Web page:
This week, Microsoft launched a global retail function to simplify the laptop-buying process for consumers. The service, called Microsoft Synchronized Shopping, is being piloted in Singapore at the Harvey Norman Millenia Walk flagship store.
This is how it works: Consumers answer a series of questions to identify their laptop needs on the Harvey Norman website, and are then recommended devices that match their needs. The shortlisted device creates a shopper pass on the consumer’s mobile wallet and embeds a geo-location service within. When the consumer is in proximity of the store, they get a phone notification and will be guided to their PC of choice.
“There are these long tables [in-store] with laptops that are so uninteresting and that didn’t create any sort of emotional connection to what you were touching and feeling," Ami Silverman, corporate VP, worldwide sales, consumer and device sales, Microsoft, told Campaign Asia-Pacific. "So how do we create an in-store experience that did not look like rows and rows of computers one after another?"
The company took learnings from online search habits over three years to narrow down the initial research process online. “Over 76% of people start their PC shopping online. And the reason they do that is so they don’t feel like they don’t know anything walking into a store because it can be very overwhelming and they get confused when someone’s talking about RAM or processors,” said Silverman.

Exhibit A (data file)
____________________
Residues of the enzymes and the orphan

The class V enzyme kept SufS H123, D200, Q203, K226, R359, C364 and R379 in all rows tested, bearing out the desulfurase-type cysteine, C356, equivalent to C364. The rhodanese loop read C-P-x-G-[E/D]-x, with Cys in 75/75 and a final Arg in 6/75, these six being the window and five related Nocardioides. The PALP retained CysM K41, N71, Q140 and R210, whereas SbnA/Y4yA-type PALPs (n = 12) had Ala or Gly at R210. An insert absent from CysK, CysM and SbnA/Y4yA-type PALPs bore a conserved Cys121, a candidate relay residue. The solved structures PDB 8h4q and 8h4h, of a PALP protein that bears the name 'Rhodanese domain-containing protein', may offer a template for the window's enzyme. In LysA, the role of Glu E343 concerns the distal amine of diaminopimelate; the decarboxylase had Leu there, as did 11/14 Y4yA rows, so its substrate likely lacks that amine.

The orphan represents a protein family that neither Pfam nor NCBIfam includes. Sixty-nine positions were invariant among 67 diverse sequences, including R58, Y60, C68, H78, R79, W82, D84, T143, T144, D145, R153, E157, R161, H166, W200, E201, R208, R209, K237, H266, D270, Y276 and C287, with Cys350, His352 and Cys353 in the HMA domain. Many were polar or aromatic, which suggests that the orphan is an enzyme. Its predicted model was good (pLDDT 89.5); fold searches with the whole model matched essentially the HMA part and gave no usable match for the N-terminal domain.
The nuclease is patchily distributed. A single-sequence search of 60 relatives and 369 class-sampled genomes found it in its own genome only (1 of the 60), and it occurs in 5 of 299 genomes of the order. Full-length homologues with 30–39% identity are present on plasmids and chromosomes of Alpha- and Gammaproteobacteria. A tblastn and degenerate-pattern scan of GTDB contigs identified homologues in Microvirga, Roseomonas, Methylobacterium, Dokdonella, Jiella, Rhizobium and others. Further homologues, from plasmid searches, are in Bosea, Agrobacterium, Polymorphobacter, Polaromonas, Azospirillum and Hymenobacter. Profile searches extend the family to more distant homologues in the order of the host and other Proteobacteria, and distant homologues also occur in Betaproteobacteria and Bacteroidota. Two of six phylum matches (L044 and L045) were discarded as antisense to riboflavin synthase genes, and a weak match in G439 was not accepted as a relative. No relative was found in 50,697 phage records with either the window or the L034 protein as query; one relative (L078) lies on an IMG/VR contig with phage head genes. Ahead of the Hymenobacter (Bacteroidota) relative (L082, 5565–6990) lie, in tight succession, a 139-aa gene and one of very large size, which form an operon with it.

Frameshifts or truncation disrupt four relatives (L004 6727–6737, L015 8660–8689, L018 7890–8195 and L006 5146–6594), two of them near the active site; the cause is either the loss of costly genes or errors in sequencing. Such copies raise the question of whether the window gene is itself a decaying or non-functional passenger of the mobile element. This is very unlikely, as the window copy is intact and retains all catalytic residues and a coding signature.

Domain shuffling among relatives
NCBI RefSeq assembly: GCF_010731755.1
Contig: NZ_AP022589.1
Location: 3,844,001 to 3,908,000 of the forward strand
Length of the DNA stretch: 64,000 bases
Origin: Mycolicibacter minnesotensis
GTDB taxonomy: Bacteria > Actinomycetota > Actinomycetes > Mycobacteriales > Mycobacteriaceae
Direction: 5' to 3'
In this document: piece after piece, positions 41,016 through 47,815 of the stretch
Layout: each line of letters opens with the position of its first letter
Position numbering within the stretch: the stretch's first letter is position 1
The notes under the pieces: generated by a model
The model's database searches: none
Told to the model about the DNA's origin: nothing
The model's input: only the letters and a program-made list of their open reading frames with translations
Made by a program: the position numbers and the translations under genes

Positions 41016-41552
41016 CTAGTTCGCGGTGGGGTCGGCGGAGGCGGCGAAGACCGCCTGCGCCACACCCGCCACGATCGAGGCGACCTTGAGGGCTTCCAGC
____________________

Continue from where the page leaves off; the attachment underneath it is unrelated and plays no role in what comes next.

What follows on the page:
In a retail store, consumers are looking at an average of 52 laptops on display, which sometimes leads to ‘choice paralysis’, said Silverman.
However, the synchronised shopping function still leads consumers to a physical retail store as a final step in the journey, rather than encouraging them to purchase their chosen device online. The reason for this, according to Silverman, is that consumers still want to touch and feel their devices, especially where the weight and lightness of a laptop are crucial purchasing factors.
“I've been in the hardware space for 15 years, and no matter where I’ve been or what the situation is, people like to touch and feel something that is physical. If it's something that I'm going to have, and my hands are going to be on it every single day, there is still a desire for that,” she said.
Will the service be rolled out across electronics at Harvey Norman? According to Katie Page, CEO of Harvey Norman, the store will first wait for feedback on the Microsoft experience. “One-step-at-a-time learning is important,” she said.
So does it really work?
I tested the synchronised shopping function at Harvey Norman’s Millenia Walk flagship store. It began with clicking a banner on the store’s website and answering a bunch of basic questions about my laptop needs. The conversational AI product chose the Microsoft Surface Pro 6 as an ideal product for me. So far, so good.
The online banner in question on Harvey Norman's website